- Though in addition to the time they spent on eToro, just make sure you check the number of trades they have done to date as well. The more the better obviously because that gives you more data. We always set our filter in the Discover People tool to only display traders with 50 or more trades.
- From looking at the historical trades, try to understand the trader’s strategy. We like to avoid traders who’s system or strategy involves added to losing positions in order to recover when the market makes a small correction (i.e. Martingale type trading strategies). This is a similar strategy to doubling up on one colour (i.e. red or black) on a roulette table in the casino in the hope that that colour eventually comes up (which is a system which eventually fails when you run out of cash or reach the table limit). This trading strategy works well in low volatile market conditions, but can cause serious problems when the Forex market moves 500 pips in one direction without retracing. In most cases where traders have busted their accounts this has been the cause. Because of the limited historical data provided by eToro this is not always easy or possible to determine. Try and look at the monthly performance table and see if you can still find the trade history for the time period where they made a significant monthly. Did they open multiple consecutive positions in the same position at that time or not?
- Try to anticipate whether a trader is likely to lose their full balance (and hence your allocation). Yes, we know, this is easier said than done, though this is probably the key difference between making a profit on eToro and losing money. E.g. if you had invested $1000 in each of the top 10 most popular eToro Gurus on June 1st 2012 you’d have lost $763 by May 31st 2013 (12 months later). However if you had avoided following michaelfx, who lost all of your allocation, you’d actually be in profit (view the full 1 year eToro performance comparisons here). And there have been a few other examples of “Professional Investors” in the top 10 at their peak in terms of copiers who managed to lose their account balance (e.g. Robepu and thesizzle). Looking at the trader’s trading strategy (as described in the previous point) and evaluating their risk & money management strategy (i.e. looking at risk per trade, historical drawdown, average exposure, …) should give you a good indication on the likeliness of their account being blown, though as always there are no guarantees since past behaviour and performance are not always indicative of future results.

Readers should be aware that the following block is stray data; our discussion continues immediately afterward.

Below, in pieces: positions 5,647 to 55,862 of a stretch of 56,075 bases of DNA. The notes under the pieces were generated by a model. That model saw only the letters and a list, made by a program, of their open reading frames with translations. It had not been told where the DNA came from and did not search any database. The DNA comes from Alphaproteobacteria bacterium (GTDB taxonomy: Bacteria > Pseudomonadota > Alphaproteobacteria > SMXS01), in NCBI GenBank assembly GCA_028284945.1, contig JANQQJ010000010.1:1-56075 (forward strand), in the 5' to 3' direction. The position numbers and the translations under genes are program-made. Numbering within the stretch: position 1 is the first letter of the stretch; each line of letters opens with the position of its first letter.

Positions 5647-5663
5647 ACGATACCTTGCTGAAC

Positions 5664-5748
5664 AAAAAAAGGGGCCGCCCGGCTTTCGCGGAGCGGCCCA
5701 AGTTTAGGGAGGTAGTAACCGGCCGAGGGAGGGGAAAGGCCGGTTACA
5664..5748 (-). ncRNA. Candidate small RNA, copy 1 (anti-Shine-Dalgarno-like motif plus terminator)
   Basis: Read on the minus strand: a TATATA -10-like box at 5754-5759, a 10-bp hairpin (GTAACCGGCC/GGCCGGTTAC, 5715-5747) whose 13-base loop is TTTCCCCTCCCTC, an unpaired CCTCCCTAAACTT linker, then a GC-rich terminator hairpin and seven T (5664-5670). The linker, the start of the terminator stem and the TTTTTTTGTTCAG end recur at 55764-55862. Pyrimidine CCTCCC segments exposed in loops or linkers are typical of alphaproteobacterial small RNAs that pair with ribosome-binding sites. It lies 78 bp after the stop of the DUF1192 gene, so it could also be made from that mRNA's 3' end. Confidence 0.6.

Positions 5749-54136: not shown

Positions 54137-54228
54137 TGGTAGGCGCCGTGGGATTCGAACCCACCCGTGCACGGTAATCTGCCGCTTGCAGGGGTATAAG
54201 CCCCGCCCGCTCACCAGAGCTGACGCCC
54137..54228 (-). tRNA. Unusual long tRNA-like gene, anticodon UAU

- Most professional (day) traders focus on 1 trading instrument (e.g. currencies or stocks or commodities). Hence we’re always a little sceptic about eToro “Professional Investors” who seem to have invested in almost every instrument and currency pair (in the portfolio view).
- Look whether the “Professional Investors” is copying trades from other traders. If they are, consider whether you want to “copy” another “copier” or whether you want to keep control yourself over the traders you copy.
- Test the “Professional Investors” you consider copying using your virtual money eToro demo account. We cannot stress this more, but the best way to see and understand how a “Professional Investor” would perform with $100 or $1000 of your real money, is to allocate this with your virtual money and monitor their performance. Not only does this demonstrate their performance, but you’ll also be able to see how much risk they take per trade. I.e. how much of your allocation do they risk per trade. This can be monitored by looking at the “Amount” figure in the Open Trades screen. If this amount is $500 of a $1000 allocation, this means they risk 50% of their equity.
- Be sceptical about any suggestions made by the eToro marketing e-mails or your eToro account manager and analyse them yourself first. E.g. of 10 suggestions made near the beginning of June 2012, after 3 weeks hibikitakahashi had $78 left of their $1000 allocation and Cemara1 was left with $66.4 of their $1000 allocation. 2 of the traders who were suggested as being low risk also already had over 50% of their allocation tied up in (losing) open trades (hardly low risk). Arguably some did perform well, though do your own research and try them in your demo account first if you’re not sure (like we do).
- Read through the comments on the trader’s live trading feed. While not all traders actively participate on the feed, some will comment on the trades they make and the market view they have. This may give you an indicator of their trading strategy. Comments from other followers and copiers can sometimes be useful too. However, please note that the feed comments are moderated by eToro and negative comments are often removed (mainly because of language abuse).
Last updated: September 30, 2016
* All trading involves risk. Only risk capital you’re prepared to lose.
* Past performance does not guarantee future results. Trading history presented is less than 5 years and may not suffice as basis for investment decision
*This post is not investment advice.